Parlour Games
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"A parlour game is a group game played indoors." "During the Victorian era in Great Britain and in the United States, these games were extremely popular among the upper and middle classes." "They were often played in a parlour, hence the name."
Party games:
 are games that some people play as forms of entertainment at social gatherings. Party games usually involve more than one player. There are a large number and styles of party games available and the one selected will depend on the atmosphere that is sought to be generated. The party game may merely be intended as an ice breaker, or the sole purpose for the party.
About Parlour Games:

"During the 19th century, wealthy men and women had more leisure time than people of previous generations." "This led to the creation of a variety of parlour games to allow these gentlemen and ladies to amuse themselves at small parties. Parlour games decreased in popularity in the first half of the 20th century as radio, movies, and later, television captured more of the public's leisure time." "Though decreased in popularity, parlour games continue to be played. Some remain nearly identical to their Victorian ancestors; others have been transformed into board games such as Balderdash."

"Many parlour games involve logic or word-play." "Others, 
such as blind man's bluff, are more physical games, but not 
to the extent of a sport or exercise. Some also involve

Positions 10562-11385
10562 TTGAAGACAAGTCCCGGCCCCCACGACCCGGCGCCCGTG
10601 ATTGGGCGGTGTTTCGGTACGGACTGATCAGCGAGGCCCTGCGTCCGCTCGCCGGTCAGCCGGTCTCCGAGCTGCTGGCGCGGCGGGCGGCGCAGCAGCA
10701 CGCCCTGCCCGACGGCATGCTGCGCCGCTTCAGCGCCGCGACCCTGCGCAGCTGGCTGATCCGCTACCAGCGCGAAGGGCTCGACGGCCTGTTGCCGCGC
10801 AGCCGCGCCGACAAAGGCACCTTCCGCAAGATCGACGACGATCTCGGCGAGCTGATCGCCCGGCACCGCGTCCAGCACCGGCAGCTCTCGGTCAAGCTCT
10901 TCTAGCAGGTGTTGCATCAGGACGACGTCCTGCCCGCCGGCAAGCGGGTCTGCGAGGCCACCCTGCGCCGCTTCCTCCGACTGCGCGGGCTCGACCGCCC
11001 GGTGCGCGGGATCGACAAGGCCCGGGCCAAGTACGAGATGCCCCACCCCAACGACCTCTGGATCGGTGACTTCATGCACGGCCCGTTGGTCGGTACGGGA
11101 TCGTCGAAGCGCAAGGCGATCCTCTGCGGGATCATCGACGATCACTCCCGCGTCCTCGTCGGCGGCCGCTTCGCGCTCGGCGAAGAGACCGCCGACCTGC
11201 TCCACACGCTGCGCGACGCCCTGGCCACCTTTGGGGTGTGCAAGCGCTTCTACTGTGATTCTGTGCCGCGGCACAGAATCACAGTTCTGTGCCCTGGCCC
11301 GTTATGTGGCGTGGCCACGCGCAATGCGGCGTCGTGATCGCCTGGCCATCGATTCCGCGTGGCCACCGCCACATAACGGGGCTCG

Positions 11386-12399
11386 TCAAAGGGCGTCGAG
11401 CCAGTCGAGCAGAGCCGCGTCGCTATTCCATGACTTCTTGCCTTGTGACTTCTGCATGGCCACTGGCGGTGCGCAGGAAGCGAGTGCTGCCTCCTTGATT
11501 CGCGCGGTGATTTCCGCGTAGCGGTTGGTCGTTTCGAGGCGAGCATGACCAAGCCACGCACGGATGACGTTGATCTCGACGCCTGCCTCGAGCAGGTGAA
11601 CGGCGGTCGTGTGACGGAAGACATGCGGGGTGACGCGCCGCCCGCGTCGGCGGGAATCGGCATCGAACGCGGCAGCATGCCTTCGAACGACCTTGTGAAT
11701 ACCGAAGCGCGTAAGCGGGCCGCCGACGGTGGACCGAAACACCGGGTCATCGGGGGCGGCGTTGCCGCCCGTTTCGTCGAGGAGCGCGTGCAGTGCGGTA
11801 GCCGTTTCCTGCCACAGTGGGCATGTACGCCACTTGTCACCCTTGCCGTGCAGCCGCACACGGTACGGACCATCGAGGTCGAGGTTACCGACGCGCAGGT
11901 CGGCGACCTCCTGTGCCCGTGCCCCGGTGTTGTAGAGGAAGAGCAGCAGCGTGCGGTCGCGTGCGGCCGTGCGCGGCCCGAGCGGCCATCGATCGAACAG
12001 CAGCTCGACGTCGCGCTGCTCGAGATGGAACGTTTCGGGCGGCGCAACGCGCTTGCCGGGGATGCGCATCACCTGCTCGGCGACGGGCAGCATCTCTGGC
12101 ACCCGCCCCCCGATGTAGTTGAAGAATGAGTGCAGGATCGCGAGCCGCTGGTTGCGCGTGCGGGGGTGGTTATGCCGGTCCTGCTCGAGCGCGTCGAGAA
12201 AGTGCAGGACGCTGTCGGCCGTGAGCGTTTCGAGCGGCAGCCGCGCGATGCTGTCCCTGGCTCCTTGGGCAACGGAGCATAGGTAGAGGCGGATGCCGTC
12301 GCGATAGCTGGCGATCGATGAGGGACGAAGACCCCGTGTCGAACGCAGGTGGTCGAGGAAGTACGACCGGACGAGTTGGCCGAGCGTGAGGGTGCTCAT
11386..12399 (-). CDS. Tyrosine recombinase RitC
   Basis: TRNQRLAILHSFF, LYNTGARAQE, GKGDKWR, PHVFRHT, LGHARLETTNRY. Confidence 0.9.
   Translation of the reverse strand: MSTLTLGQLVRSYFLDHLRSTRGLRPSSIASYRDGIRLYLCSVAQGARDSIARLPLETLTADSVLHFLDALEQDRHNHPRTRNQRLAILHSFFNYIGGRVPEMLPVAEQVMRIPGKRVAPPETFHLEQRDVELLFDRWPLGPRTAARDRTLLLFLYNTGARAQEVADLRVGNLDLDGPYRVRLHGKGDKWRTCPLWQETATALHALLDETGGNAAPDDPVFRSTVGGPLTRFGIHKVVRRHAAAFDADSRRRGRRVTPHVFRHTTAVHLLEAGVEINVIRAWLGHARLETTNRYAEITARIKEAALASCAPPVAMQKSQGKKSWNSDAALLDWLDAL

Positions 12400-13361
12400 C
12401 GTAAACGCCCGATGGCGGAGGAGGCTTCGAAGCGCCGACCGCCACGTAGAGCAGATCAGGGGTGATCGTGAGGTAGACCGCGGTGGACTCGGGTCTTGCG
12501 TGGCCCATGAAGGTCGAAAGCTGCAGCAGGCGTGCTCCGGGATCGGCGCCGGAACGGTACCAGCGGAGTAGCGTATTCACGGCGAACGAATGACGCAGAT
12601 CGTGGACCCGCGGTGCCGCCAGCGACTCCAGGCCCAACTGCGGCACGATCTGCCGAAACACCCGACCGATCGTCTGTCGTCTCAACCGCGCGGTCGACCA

dramatic skill, such as in charades. Most do not require any 
equipment beyond what would be available in a typical 
parlour." "Parlour games are usually competitive, but 
cumulative scores are not usually kept and the only reward 
for winning a round is the admiration of one's peers." "The 
length and ending time of the game is typically not set; play 
continues until the players decide to end the game." "Boxed 
Parlour Games especially around Christmas were very 
popular from around 1920 until into the 1960's when 
suddenly the companies producing them presumably failed 
to sell enough and simply stopped producing them." "A 
number of companies have re-established themselves over 
the last few years, for example D & G. Parlour Games, 
others can be be found on the Internet under Games or 
Christmas Games." "The phrase "parlour game" has entered political dialogue, and is used to accuse opponents of using deliberately nebulous or confusing language when describing a particular position on an issue."